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International Law and Armed Conflict MA Course Lecture: Conduct of Contemporary Warfare.

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Presentation on theme: "International Law and Armed Conflict MA Course Lecture: Conduct of Contemporary Warfare."— Presentation transcript:

1 International Law and Armed Conflict MA Course Lecture: Conduct of Contemporary Warfare

2 Laws of War Jus ad bellum (law towards war)  limits resort to armed force  UN Charter, Article 2(4) and Chapter VII Jus in bello (law in war)  moderates conduct of armed hostilities  Geneva conventions (1949, 1977)  Hague Conventions (1899; 1907)

3 Jus ad bellum  UN Charter - Art. 2(3): Settle disputes peacefully - Art. 2(4): no ‘threat or use of force’  Article 2(4) prohibition as jus cogens - no derogation from peremptory norms - two exceptions: * self-defence (Article 51) * UNSC authorised under Chap VII

4 What constitutes self-defence?  Protection of nationals? US v. Grenada (1983) Panama (1989), Israel v Uganda (1976).  Anticipatory self-defence? Israel (1967), Iraq (1981), US (2003)

5 Collective security in the Charter  Article 39:The Security Council shall determine the existence of any threat to the peace, breach of the peace, or act of aggression and shall make recommendations, or decide what measures shall be taken in accordance with Articles 41 and 42, to maintain or restore international peace and security

6 Rise of Humanitarian Intervention  CW cases: India v East Pakistan (1971), Vietnam v. Cambodia (1978), and Tanzania v. Uganda (1979).  post CW: Kuwait (1990), FRY (1992), Somalia (1992), Haiti (1994), Bosnia (1995), Liberia (1997), Sierra Leone (1997), Albania (1997), East Timor (1999)  UNSC tendency to link humanitarian crises to threats to the peace but fails to justify link  Kosovo (1999): NATO states legitimate intervention on grounds of humanitarian necessity. BUT intervention condemned by Russia, China and some NNA states.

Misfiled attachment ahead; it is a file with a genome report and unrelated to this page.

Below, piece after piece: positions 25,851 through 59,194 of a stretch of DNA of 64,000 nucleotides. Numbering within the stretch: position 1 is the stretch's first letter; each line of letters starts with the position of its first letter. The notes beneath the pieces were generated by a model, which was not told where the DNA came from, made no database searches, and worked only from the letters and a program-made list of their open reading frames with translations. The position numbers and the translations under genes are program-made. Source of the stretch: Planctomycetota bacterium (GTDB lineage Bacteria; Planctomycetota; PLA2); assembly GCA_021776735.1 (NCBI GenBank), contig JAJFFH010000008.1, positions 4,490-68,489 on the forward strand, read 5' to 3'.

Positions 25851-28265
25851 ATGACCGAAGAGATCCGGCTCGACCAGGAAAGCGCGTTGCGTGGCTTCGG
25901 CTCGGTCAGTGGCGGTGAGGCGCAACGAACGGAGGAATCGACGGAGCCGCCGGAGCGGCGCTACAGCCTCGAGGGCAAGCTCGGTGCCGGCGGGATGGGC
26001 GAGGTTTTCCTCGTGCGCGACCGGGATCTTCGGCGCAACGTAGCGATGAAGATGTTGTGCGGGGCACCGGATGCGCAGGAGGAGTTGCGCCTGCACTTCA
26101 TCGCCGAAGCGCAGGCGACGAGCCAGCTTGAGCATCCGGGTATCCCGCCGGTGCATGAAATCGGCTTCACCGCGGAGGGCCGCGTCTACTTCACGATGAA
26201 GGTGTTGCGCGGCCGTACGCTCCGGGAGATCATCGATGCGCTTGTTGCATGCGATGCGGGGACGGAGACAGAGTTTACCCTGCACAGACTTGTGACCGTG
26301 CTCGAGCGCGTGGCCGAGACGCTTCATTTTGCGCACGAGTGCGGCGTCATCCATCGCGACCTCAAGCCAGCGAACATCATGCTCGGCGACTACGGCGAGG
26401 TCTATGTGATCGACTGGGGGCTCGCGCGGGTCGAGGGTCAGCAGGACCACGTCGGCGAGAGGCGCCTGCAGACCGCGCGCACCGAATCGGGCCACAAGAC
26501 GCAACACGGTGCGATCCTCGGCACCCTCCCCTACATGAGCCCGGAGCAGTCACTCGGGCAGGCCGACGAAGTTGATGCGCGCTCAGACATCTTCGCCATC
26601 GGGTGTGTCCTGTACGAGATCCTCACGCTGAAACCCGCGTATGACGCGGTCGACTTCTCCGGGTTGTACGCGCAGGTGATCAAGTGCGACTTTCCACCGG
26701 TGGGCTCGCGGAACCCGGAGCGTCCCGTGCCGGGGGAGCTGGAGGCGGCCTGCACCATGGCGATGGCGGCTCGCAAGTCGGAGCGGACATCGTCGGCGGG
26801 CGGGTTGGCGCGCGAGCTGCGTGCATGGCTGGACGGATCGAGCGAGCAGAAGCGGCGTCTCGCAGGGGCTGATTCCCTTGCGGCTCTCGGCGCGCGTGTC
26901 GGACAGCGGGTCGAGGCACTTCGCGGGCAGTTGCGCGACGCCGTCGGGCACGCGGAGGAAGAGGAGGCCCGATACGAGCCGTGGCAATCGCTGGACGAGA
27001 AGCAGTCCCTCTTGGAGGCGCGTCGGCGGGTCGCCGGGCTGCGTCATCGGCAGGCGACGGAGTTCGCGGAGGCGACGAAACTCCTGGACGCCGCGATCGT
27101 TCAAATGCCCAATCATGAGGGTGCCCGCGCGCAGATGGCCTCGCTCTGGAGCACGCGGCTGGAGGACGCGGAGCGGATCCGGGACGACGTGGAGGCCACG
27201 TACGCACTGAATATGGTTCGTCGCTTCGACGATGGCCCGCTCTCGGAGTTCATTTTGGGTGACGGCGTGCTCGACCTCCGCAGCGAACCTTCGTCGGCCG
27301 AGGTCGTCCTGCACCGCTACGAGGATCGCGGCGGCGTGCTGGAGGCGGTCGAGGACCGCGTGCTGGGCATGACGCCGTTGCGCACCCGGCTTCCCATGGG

7 UN High Level Panel Report  Seriousness of threat  Proper purpose  Last resort  Proportional means  Balance of consequences

8 Jus in bello  prohibition on ‘unnecessary suffering’  Lieber Code (1863): principle of ‘military necessity’  Targeting of civilians and civilian objects is prohibited  creates unilateral and non-reciprocal obligations, and as jus cogens, there is no derogation

9 LOAC trends and challenges  Increasing scope and force of law  Shift in focus: from combatant to civilian suffering  Cluttered battlefields and non- military partners  Insurgent ethics and ‘lawfare’

10 Civilian shields

11 LOAC and COIN: US approach  Firepower culture  Reading Fallujah  World opinion: 70-90% negative  No-strike lists, CDEM and JAGs in the CAOC  New checkpoint TTPs

12 Symbolism of Fallujah

13 LOAC and COIN: US approach  Firepower culture  Reading Fallujah  World opinion: 70-90% negative  No-strike lists, CDEM and JAGs in the CAOC  New checkpoint TTPs

14 LOAC and COIN: UK approach  Doctrine of minimal force  Strict interpretation of LOAC  Application of English criminal law  Learning lessons from operations: clarifying noncombatants

15 War of competing narratives  Narrative express ideals and interests, are more emotive than analytical  Military operations should support development of “compelling narrative” about course & consequence of a conflict  From eliminating enemy assets to undermining enemy narratives

16 Narrating the “good war”

17 Enforcement of LOAC

18 Law as an enabler  Building international legitimacy  Mobilising enduring domestic support  Liberal script for war (JIM)

19 The legitimacy imperative  “Grand bargains” in WTO, NPT and UNSC  Domestic trust of int. legal institutions  Legitimacy umbrellas for IGO/NGO partners

20 Challenges  Enemy will engage in “lawfare”  Emotion & enemy narratives  Narrative management and the media cycle


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